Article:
- Martin Luther King Jr.

                        Comment


                        • #42
                          Originally posted by tig View Post
                          in the same respect then should they take into account the stress the locals are under due to invading forces destroying their country?

                          you do know if he gets life he'll probably be out in 6 or 8 years too
                          If the locals were standing trial then I would hope their stress would be taken into consideration at sentencing, but they aren't standing trial. And please do not think I am diminishing what these people have had to suffer either, but having said that it is not only at the hands of invading forces that they have had to endure so much.

                          I'm quite sure they suffered considerable stress under the Sunni Islamic extremist group, Taliban. The same Taliban who provided refuge to the terrorist group al-Qaeda and their leader Osama bin Laden. In the 5 years they were in power, they controlled and subjugated and committed atrocities against the Afghan people, especially women. This in itself was an invasion of the country, an invasion of their human rights and liberties.

                          The Warlords who as Andy pointed out below engaged in atrocities also, back the Coalition invasion, but don't think it was for the good of the people that they did it. They are no doubt waiting for troops to withdraw so they can make another attempt at grabbing power as they did in 2002. That would add stress to the people because they would again be denied the right and ability to select their own leaders. Not to mention that some of the Warlords, especially those in the Zabul province, have an association with the Taliban. They back both sides, they are opportunists, and like the Taliban, don't give a darn about the people.

                          I've gone a little off track here. In short I should have just said, the stress of the Afghan people is not in question here, it is the combat stress of a Royal Marine that may be a deciding factor in the shooting of his prisoner, if proven.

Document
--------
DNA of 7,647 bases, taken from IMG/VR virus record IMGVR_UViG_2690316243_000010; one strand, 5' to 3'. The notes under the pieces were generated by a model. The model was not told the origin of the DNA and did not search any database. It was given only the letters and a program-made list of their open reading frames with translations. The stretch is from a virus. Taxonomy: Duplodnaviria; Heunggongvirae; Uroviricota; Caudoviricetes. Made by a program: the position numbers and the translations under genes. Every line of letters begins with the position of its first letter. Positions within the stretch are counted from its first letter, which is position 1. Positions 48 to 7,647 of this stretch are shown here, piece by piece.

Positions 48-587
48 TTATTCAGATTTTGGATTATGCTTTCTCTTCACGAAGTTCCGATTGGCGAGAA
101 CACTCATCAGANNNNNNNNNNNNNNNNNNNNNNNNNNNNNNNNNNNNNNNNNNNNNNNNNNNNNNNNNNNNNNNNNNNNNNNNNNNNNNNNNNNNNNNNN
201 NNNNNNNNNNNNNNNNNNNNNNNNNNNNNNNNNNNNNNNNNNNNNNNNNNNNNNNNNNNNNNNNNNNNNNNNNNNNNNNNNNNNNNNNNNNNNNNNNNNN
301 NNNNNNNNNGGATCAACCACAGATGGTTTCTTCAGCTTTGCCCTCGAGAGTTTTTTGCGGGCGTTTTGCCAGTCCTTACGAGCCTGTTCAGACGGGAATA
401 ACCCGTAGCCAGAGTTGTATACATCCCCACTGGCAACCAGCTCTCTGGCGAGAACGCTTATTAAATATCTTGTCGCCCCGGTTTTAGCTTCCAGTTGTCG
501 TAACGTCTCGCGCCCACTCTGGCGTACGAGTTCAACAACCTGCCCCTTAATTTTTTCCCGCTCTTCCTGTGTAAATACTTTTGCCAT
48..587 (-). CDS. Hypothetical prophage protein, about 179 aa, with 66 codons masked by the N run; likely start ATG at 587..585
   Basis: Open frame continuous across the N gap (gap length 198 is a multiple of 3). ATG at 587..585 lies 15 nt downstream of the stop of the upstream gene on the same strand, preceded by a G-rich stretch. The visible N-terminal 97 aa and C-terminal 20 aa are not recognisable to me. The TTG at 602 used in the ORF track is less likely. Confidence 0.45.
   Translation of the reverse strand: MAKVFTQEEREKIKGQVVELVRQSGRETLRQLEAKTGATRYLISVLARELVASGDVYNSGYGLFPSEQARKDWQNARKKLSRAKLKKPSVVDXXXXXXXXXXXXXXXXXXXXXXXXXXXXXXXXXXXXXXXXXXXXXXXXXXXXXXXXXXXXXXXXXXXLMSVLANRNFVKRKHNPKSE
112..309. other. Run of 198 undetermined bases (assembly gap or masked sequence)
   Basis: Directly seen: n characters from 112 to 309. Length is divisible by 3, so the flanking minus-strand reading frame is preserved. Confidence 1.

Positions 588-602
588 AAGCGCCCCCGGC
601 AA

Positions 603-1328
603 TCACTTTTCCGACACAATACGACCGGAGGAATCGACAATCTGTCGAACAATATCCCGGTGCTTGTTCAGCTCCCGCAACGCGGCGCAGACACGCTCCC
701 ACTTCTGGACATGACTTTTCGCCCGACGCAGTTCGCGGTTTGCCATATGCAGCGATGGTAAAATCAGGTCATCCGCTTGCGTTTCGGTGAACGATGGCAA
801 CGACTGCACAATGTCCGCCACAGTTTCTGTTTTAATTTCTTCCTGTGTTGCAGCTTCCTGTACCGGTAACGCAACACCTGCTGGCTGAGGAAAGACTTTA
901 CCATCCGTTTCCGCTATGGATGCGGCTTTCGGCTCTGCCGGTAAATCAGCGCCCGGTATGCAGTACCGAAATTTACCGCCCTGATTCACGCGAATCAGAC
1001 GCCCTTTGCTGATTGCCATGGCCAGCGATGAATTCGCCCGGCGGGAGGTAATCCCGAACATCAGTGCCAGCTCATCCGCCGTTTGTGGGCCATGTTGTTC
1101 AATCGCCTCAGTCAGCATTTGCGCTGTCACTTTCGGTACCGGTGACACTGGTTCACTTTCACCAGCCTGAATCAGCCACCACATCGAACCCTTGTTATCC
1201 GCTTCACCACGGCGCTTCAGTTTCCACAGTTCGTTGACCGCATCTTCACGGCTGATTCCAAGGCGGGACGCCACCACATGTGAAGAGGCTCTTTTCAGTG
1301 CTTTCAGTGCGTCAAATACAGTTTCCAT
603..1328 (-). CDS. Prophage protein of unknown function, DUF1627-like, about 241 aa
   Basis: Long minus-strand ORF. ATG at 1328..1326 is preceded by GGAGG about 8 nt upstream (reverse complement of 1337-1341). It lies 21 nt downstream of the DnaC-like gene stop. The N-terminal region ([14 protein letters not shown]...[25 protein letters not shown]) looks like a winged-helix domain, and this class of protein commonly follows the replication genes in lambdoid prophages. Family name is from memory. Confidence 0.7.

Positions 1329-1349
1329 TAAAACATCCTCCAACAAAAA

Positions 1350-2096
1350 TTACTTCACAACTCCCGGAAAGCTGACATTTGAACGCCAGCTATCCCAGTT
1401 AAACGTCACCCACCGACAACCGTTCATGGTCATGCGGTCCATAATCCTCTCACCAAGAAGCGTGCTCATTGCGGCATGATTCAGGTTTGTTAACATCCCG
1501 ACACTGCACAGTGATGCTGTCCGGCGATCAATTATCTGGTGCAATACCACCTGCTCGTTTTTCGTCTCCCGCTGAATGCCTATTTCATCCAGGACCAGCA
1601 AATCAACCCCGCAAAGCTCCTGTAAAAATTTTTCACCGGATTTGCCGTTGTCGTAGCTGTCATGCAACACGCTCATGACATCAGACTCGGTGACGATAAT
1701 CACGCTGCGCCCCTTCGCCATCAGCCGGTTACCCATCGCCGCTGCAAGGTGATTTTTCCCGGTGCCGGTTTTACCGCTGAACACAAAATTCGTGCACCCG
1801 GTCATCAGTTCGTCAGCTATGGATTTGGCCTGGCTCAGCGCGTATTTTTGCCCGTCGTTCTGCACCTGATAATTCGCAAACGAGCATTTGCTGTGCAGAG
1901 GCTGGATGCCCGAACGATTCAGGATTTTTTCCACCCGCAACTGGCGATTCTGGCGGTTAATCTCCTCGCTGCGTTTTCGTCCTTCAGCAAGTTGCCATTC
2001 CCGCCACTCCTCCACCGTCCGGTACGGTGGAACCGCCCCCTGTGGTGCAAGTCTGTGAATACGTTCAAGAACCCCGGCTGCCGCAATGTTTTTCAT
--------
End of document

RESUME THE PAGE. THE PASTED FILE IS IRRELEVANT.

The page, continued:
Nothing in all the world is more dangerous than sincere ignorance and conscientious stupidity.
                          MLK Jr.

                          Comment


                          • #43
                            The marine, a 39 year old veteran of six tours of duty in Afghanistan got a ten year minimum sentence which for a murder charge with a mandatory life sentence is probably the best he could have hoped for but the whole situation has been badly handled by the military authorities. I have no doubt that the minute the coalition leaves Afghanistan every Taleban prisoner currently in Afghan jails will be released while this marine will still be serving a life sentence and it's a travesty.
                            "Our scientific power has outrun our spiritual power. We have guided missiles and misguided men."

                            - Martin Luther King Jr.

                            Comment


                            • #44
                              Originally posted by ANDY-J3 View Post
                              The marine, a 39 year old veteran of six tours of duty in Afghanistan got a ten year minimum sentence which for a murder charge with a mandatory life sentence is probably the best he could have hoped for but the whole situation has been badly handled by the military authorities. I have no doubt that the minute the coalition leaves Afghanistan every Taleban prisoner currently in Afghan jails will be released while this marine will still be serving a life sentence and it's a travesty.
                              I can't begin to explain how I feel about this, but you have summed it up pretty well...travesty. I am disgusted by the way this has been handled and even more disgusted that the anonymity order has been lifted. Marine A has been named and his picture plastered everywhere? The Marine and his family are now very large targets....sickening!
                              Nothing in all the world is more dangerous than sincere ignorance and conscientious stupidity.
                              MLK Jr.